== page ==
"Iris is a very particular type of white womanhood," Guzzo Purcell explained. "Iris is perhaps the key spokesperson for, 'I believe these things, but if it comes down to can I be successful and find the life I want? That's my priority.'"

Holiday said he agrees, and noted that the other characters begin to open up when Iris becomes more politically active.

"This may sound really radical, but I think white women hold a lot of secrets for how to go forward, because the power structure is the patriarch, and it's white male. And these specific dynamics or relationships are, you know, pillow talk with each other."

In "This Bitter Earth," the character Neil is not a passive observer, like Iris attempts to be in "The Sign in Sidney Brustein’s Window." He's a Black Lives Matter protestor, and as it's later revealed, a trust fund baby.

"Neil's the person who's like, 'No, I'm actually putting my foot forward," said Santeze Ryans. "It's actually my character, Jesse, who is like, ' thank you.'"

Santeze Ryans said he sees a lot of "Neils" in Seattle. For most people watching the play they should see Neil as a mirror, not a window, Santeze Ryans added.

And Neil is successful, Santeze Ryans said, at being an ally to the Black Lives Matter movement. Where he fails is as a partner to Jesse. He doesn't understand Jesse's needs, or the fact that, being a Black man, Jesse can't turn away from the protests or the politics when he's done. His existence is political in a way Neil's isn't, Santeze Ryans noted.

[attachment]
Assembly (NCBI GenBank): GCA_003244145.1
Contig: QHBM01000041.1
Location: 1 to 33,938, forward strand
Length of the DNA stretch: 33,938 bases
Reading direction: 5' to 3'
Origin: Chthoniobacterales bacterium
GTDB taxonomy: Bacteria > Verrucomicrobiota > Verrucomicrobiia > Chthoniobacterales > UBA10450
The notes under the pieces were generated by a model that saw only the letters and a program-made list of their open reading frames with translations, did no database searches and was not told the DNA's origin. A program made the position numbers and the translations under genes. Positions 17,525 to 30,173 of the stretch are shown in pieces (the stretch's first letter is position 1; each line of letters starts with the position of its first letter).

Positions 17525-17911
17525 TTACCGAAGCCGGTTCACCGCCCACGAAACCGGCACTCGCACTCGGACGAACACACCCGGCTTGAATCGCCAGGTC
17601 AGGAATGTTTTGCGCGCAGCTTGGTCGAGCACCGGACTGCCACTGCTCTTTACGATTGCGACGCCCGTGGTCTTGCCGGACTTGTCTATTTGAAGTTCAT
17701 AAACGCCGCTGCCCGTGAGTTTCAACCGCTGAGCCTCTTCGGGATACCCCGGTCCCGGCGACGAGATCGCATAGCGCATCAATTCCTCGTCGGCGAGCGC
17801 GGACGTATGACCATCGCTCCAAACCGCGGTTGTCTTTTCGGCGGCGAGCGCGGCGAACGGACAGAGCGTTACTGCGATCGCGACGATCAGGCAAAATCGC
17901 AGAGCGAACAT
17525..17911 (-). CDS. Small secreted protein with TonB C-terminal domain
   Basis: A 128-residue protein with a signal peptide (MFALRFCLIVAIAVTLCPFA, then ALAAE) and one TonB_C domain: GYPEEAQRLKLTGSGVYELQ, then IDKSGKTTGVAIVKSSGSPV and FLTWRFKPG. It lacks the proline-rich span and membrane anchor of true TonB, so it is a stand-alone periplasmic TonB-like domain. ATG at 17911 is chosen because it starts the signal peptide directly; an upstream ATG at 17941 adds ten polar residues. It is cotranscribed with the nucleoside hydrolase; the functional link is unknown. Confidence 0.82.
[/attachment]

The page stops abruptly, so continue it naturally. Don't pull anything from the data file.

"He's at that place where he's just like, 'I want to be successful in my work. Why do I have to be successful and making sure that other people know that I'm activated in my community? When, for me, blackness is just my existence.'"

Sidney Brustein, the main character of "The Sign in Sidney Brustein’s Window," asks a similar question. After taking part in committees, protests, and movements, he feels like nothing has changed.

That's because of how Sidney has chosen to participate, Holiday said.

"He's been doing it with a group of people that looked exactly like him, that believe in the same things as him."

Director Ryan Guzzo Purcell pointed out that Lorraine Hansberry, who wrote the play, was a card-carrying communist. She believed in the idea that liberation had to be collective.

"She was deeply skeptical of individual movements for recognition, because I think she believed that they would lead to, perhaps a new hierarchy, but still a hierarchy," Guzzo Purcell said.

"The Sign in Sidney Brustein’s Window" is playing at the Erickson Theatre until Feb. 25, and "This Bitter Earth" is playing at Seattle Public Theater through Feb. 19.

This conversation also veered into spoiler filled discussion on death, meaning, and more, which didn't make it on air. Listen to that discussion below.

The Conversation Continued

KUOW arts and culture reporter Mike Davis speaks with Director Ryan Guzzo Purcell and actor Anthony Holiday from The Sign in Sidney Brustein's Window, as well as actor Brodrick Santeze Ryans from This Bitter Earth. This conversation contains spoilers for both plays.